Saturday, July 19, 2008

The Dark Knight

Heath Ledger played the hell out of The Joker.

this is how i had to open this review cuz really, he acted his ass off.

this, The Dark Knight, is the movie we (my brother and I) have been waiting for all summer. as far as we're concerned, the summer movie season is over. sure, we'll see some other assorted films, but this was it. did it justify such importance, such speculative awe? kinda.

i must say, both jimmy and i have the utmost respect for Christopher Nolan's talents. he is one of the few writer/directors whose need to control the stoichiometric balance of words and images isn't misguided (M. Night Shyamalan, stop it!). just recently, The Prestige ascended both our best of lists. see it if you haven't; it is fantastic. so yeah, we came to this film expecting magic, and perhaps that was a tad unfair.

what was good
if just considering the characters' developments, not the way in which they were paced, just development, we are talking about some of the best in comic movie history. the theme--the characteristics of a hero, what he or she represents, how he or she is to inspire, and why he or she is needed--was consistent and artfully woven throughout both the plot and the characters' actions. Batman/Bruce Wayne, Two-Face, Harvey Dent, and The Joker all complemented each other's internal conflicts with good and evil, and Nolan's skillful handling of the subject was evident; beyond offering flat characters who belonged at either end of the spectrum, he (and his brother?) wrote people who were constantly at odds with the strict moral codes they had created for themselves. this was particularly true for Batman and The Joker. the hero/villain dichotomy is often pretty deep in written form, but it's rare that it's translated to film. The Joker, the villain, who acts as the evil element, is complex. he is not simply bad, he's philosophically maniacal and truly the perfect foil to Batman's strictly-regulated hero.

Aaron Eckhart was a fantastic Harvey Dent. though my colleague intimated that Viggo Mortensen would've been much more welcome, I felt Eckhart did a good job being Gotham's golden boy and mixing in a touch of self-righteous arrogance. Morgan Freeman was Morgan Freeman--smooth, in control, carefully thoughtful as Lucius Fox. Gary Oldman continues to prove he's an actor with enviable talents. Maggie Gyllenhaal took over as Rachel and was good (better than wassername), but (I shall not finish this thought). Christian Bale continues to be a good Bruce Wayne and Batman, though he was more Batman than Bruce Wayne here. yes, all these folks did nice jobs, but this was Heath Ledger's movie. i was almost afraid that his last performance would be overrated, but goddamn, homie was akkin', yo! Jack Nicholson's Joker was a lunatic clown (and this was, in part, due to the nature of the Tim Burton's vision); Heath Ledger's was brilliantly psychotic and sarcastically funny but never a clown. his humor was in his ability to make his darkness complex, relatable, and really very scary. he held this movie together, no doubt about it. it would be nice for him to know how much people really dug his performance, and it's sad to know that he can never reprise this role, but so it goes.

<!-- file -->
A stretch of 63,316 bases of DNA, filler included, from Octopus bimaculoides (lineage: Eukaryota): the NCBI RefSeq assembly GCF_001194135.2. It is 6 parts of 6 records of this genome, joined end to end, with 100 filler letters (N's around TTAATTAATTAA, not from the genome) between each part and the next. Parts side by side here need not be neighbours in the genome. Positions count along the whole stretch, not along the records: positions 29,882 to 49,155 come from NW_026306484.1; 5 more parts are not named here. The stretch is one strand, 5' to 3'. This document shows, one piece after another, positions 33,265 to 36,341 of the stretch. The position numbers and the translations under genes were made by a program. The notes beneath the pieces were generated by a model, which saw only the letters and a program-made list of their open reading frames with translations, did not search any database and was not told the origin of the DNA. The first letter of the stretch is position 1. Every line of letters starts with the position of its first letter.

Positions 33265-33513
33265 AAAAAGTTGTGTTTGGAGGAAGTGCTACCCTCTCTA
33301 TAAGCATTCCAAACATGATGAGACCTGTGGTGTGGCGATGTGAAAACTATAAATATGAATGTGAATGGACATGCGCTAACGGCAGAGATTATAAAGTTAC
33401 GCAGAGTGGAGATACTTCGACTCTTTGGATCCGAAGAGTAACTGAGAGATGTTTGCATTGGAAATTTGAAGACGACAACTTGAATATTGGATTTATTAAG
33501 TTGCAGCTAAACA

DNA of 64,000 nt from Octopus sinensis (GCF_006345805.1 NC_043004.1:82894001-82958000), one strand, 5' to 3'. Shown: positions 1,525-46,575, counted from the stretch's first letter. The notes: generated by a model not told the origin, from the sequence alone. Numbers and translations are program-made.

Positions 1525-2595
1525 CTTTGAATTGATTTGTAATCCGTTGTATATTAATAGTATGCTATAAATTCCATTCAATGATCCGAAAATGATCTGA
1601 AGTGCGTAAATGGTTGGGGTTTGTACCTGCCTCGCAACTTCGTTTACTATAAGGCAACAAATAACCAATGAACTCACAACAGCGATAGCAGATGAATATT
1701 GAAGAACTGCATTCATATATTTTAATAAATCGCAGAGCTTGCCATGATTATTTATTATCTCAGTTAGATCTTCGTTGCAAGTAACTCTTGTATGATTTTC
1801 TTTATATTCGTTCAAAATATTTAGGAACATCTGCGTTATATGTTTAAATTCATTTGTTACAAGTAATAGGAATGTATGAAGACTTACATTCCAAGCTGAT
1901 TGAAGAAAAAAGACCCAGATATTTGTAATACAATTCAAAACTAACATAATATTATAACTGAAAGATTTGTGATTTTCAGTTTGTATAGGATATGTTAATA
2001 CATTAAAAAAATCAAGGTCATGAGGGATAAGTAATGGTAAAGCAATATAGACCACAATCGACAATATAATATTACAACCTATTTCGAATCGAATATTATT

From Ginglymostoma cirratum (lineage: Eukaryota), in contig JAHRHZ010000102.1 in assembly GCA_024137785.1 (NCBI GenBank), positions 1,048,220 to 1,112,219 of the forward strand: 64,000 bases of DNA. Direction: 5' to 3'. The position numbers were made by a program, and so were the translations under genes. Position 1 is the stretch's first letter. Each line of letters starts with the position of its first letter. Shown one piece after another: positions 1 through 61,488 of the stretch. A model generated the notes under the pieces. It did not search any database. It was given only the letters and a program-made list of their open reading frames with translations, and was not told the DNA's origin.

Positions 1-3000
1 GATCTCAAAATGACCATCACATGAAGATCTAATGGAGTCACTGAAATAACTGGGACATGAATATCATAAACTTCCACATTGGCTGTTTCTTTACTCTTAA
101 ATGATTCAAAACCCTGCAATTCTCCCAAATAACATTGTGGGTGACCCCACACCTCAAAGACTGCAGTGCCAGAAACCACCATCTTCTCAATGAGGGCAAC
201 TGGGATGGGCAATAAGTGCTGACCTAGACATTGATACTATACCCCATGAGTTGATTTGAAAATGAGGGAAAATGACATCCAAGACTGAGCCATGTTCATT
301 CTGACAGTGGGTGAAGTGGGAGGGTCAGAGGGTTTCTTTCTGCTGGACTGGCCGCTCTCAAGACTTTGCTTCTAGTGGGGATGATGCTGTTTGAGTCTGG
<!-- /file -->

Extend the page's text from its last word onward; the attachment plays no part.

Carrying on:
now the problems. there were really only two. one: what was with that low-assed talking? you really had to struggle to hear what the hell they were saying. two: edit this shit, Christopher. this movie was at least two and half hours and felt like it. unlike Batman Begins, which was engaging straight through, this one allowed you to wonder when it was going to be over. by no means is it a bad film (and i've already acknowledged to myself that i could never call it one even if it is ... though it isn't), but the critics lied to me. Nolan did his film a serious disservice by including so much. a shorter, tighter film would've allowed this to be a masterpiece. i never really cared when Batman beat people up because i was given too much time between crises to be bored. i did, however, almost tear up at a few points.

ultimately, the brilliant parts outweigh the sluggish ones, and the last 15 minutes were beautiful. i have imax tickets to see it again next week and i'm not too mad about it.

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